- The Indissolubility of Marriage and the Council of Trent by E. Christian Brugger
"The Church's position on the indissolubility of sacramental and consummated marriage . . . was in fact defined at the Council of Trent and so belongs to the patrimony of the Faith" (17). So wrote Cardinal Joseph Ratzinger, then Prefect of the Congregation for the Doctrine of the Faith, in a letter to Charles E. Curran. This claim is the thesis of Brugger's book. He explains that the thesis needs defending because some theologians have questioned it ever since Paulo Sarpi wrote a grossly tendentious history of the council fifty years after its closing, and because many have denied the thesis in recent decades, so much so that Curran was emboldened to respond, with [End Page 136] obvious exaggeration, "All Catholic theologians recognize the teaching of the Council of Trent does not exclude as contrary to faith the [divorce] practice of 'economia' in the Greek church" (ibid.). Brugger adds that defending the thesis is particularly important now, given Cardinal Kasper's proposal to admit some sexually active civilly remarried divorcees to the Eucharist. For while Kasper denies that this change in pastoral practice implies a change in doctrine, Brugger maintains that the logic of such a pastoral change inevitably presupposes what Trent denies—that the Church's teaching about the absolute indissolubility of sacramental, consummated marriage is reformable.
"Trent's teaching," Brugger affirms, "need not remain indefinitely in dispute. Responsible scholarship can settle the question in a way that excludes serious doubt" (ibid.). The purpose of his book is to do precisely that. It consists of a preface, an introduction, five chapters, and three appendices. The preface contextualizes the problem by noting that modern deniers of what Brugger dubs the "indissolubility thesis" (15) have relied largely on the work of Piet Fransen, S.J., who published a series of essays in the 1950s on Trent's treatment of the indissolubility of Christian marriage in the case of adultery. Fransen's analysis of Trent's canon 7 on marriage, in light of both the canon's broader context and various recorded statements of the council fathers, led him to conclude that they did not intend to define the indissolubility of marriage as a truth of faith. Brugger notes that Kenneth Himes and James Coriden, in a 2004 article in Theological Studies, rely on Fransen to support their claim that the indissolubility thesis is false. He further notes that Germain Grisez and I, in a response published in the same journal, "observed that at multiple points the author [Fransen] seemed to assert conclusions that were not supported by the historical record as set down in the Council's Acta" (x).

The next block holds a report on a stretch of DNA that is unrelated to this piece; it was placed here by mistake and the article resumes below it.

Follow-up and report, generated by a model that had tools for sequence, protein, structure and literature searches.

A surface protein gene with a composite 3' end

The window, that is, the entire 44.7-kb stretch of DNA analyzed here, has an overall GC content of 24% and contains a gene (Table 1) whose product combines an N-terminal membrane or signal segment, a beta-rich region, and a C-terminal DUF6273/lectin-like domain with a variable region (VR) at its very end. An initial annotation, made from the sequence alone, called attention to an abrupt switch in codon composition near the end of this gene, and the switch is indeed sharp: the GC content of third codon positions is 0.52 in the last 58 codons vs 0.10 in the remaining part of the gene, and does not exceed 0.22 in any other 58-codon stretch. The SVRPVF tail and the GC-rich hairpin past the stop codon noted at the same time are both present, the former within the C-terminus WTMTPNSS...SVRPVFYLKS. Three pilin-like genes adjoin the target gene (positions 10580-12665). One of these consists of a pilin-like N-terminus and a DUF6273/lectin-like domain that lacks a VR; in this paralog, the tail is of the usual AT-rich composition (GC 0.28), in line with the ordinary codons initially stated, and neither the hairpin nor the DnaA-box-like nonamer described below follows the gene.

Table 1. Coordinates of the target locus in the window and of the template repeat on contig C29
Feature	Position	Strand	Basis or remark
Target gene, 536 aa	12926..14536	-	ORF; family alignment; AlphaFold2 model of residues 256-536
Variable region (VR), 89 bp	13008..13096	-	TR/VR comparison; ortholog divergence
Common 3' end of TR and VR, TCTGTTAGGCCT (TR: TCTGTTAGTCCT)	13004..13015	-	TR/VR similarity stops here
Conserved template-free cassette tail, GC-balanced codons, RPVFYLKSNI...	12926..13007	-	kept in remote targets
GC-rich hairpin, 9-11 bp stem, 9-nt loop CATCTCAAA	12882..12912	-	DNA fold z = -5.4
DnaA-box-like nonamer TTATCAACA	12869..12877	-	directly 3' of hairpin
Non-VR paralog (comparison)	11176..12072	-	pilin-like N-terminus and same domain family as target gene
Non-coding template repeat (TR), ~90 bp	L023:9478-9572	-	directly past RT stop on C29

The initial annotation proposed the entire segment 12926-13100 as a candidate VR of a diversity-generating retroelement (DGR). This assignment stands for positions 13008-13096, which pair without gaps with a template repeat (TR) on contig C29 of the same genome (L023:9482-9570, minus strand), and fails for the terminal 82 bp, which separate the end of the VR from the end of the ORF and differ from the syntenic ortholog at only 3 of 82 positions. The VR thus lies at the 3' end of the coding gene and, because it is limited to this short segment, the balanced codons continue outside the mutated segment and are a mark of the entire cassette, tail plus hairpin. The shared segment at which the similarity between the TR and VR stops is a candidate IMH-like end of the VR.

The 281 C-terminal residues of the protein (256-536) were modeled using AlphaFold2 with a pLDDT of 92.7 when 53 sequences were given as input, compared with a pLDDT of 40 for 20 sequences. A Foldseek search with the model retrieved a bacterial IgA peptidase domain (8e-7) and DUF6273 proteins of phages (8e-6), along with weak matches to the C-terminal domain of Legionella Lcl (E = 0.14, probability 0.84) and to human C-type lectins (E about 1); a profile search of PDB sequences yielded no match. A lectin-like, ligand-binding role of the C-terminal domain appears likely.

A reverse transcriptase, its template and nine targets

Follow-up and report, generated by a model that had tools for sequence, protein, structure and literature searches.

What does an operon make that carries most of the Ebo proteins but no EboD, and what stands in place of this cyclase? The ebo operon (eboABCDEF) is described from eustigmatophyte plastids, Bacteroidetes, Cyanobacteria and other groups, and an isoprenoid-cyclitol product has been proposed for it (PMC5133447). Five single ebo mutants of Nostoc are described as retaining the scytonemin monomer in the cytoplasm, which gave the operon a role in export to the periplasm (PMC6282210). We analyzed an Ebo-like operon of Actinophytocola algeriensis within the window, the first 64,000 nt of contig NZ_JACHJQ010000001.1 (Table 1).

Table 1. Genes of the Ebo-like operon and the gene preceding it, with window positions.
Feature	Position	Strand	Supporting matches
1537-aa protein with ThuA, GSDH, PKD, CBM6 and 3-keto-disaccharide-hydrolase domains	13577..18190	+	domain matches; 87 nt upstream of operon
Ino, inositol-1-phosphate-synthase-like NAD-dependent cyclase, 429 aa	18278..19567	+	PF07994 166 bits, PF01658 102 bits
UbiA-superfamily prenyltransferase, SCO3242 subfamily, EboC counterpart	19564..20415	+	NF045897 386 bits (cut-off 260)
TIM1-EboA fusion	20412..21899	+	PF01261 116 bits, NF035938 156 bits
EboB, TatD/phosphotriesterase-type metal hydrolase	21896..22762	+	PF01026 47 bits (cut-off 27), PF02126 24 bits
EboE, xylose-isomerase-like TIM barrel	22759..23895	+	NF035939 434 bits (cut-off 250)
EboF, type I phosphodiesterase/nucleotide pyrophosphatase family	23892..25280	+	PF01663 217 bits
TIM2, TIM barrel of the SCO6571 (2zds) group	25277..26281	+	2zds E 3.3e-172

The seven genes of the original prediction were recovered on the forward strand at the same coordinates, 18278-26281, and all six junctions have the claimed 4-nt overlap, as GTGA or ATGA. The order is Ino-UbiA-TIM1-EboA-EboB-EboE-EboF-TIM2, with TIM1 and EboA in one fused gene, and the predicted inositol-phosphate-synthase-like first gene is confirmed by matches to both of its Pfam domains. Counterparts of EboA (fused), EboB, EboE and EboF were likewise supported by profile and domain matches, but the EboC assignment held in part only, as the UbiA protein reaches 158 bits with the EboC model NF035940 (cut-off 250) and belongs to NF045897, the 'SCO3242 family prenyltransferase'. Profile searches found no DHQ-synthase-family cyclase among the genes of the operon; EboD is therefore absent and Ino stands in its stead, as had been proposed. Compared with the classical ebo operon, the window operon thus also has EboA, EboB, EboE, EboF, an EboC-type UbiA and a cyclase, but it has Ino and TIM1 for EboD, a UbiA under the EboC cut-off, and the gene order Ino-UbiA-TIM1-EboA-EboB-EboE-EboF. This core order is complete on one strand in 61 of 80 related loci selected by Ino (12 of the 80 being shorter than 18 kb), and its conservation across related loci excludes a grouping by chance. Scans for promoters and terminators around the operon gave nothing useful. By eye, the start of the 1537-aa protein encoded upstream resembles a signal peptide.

Brugger focuses entirely on Trent, and he delves far deeper into the Acta than Grisez and I could. He realizes that because much of the theological community has assumed for decades that Fransen got it right, only a comprehensive approach to the council's treatment of indissolubility will suffice to displace that assumption. Fransen reports the results of some of the votes and cites remarks of various council fathers that seem to support his claims. Brugger sees that because Fransen's view is in the ascendancy and appeals to many people, his own response will have to do more than offer selective quotations that support his alternative account. He will instead have to equip readers to judge for themselves, and he does this admirably.
Brugger not only provides (mainly in the chapters) a thorough commentary on the ecclesial and cultural context and an in-depth treatment of the council fathers' discussion of the successive formulations of canons 7. He also supplies (in Appendix A, in Latin and English) all of the authoritative texts cited by council fathers and theologians. And he provides (in Appendix B, in Latin and English) the momentous intervention of the Venetian delegation arguing for an indirect formulation of canon 7 for the...